Hey, hey….It’s my BIRTHDAY!
Today is my 39th birthday. I woke up at 6:15 and couldn’t go back to sleep, which is unusual for me because I am decidedly NOT a morning person. Like, at all. The rest of my family is still asleep. I’m drinking a large cup of coffee and the only sound in the house is the soft tapping of keys and the dog across the street that will not stop barking. For the love of all that is holy, please stop barking. Repetitive noises are one thing that will eventually land me on an episode of that show “Snapped”.
I wasn’t sure how I would feel about my birthday today. I’ve never had a huge problem with birthdays or getting older. When I was younger, I was just CERTAIN that I wasn’t going to be a woman that was obsessed with getting older and trying to turn back the clock. I decided I was going to be one of those of those hip older women that grew old gracefully and rocked my grey hair. Mind you, that was when I was 20. It’s so much easier to be cool and carefree about getting older when your face has no lines and your hair has no grey. Your chill about your age is harder to maintain when you’re standing in the parking lot of a Mexican restaurant and your best friend is pulling out your grey hairs because your husband has just pointed out how many you have.
For me, the things that are harder about getting older are not so much about how I look, which that part sucks too, but more about how I feel. There are the physical things, like random body parts hurting and popping when you try to stand. I had back surgery when I was 29 and there is always some level of creakiness in the surrounding joints from arthritis and disc disease. I’ve been dealing with that since I was 20, so that’s not really a new issue. But my shoulder hurting from hanging laundry up is both hilarious and annoying. My weight has crept up over the years from a lovely combo of hormone issues, a whole lot of infertility treatments, PCOS, and not eating as well as I could and not exercising as much as I should.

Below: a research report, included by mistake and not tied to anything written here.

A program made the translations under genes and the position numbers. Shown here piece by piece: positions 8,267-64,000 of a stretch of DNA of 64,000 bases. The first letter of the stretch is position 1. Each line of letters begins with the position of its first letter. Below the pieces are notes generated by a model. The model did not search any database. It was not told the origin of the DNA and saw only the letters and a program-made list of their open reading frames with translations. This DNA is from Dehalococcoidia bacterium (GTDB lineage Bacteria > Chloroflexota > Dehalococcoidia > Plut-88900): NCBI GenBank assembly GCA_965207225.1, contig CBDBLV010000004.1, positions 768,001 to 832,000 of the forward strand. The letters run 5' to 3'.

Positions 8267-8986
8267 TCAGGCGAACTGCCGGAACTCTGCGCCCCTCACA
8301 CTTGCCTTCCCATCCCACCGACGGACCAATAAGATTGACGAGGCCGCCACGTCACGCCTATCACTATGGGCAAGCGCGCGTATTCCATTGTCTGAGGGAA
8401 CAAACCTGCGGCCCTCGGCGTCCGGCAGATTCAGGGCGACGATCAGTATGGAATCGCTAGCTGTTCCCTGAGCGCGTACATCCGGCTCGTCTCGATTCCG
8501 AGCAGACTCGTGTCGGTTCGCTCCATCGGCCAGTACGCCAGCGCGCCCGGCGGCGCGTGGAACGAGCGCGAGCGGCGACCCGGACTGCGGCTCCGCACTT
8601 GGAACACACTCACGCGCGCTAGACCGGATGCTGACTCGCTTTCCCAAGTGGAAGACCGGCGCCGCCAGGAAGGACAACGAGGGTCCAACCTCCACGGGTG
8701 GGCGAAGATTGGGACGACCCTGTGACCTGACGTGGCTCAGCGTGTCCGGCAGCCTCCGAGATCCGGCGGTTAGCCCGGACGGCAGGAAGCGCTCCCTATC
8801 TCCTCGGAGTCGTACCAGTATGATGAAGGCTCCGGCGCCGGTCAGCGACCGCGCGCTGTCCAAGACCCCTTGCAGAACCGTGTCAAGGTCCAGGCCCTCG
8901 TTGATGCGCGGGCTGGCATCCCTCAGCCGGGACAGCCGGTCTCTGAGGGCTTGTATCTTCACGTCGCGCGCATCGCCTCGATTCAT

What I mean about how I feel is not really about the physical, but about the mental. My big sister always calls me her “hip little sister”. I used to feel cool and young and carefree. When Jon and I met, I was such a free spirit. Guys….it is SO much easier to be a free spirit when your parents are paying for pretty much everything. Nothing will break that free spirit like two kids, a mortgage, student loan debt, and homeschooling two kids. Jon and I went to high school together and when we reconnected I was the hippy living next door. I went over to borrow his phone because my best friend Leslie and I were too broke to have our own. I had on a long flowing skirt, one of those gauzy shirts that only had string ties in the back, and my amazing (totally not amazing) lower back tribal tattoo showing. Because nothing says upper middle class white girl like a tribal tattoo “tramp stamp” on your lower back. Not one of my finer decisions. I was always going to see live music and would dance until the wee hours of the morning to any jam band I could go see. Now, at 39, I still enjoy a reasonable amount of jam band music. The difference now is that repetitive noise and overly drawn out “jamming” gets on my nerves and I’m like, “move along, Gregg Allman, we get the point. Melissa is very sweet. Please don’t make me skip to the next song.”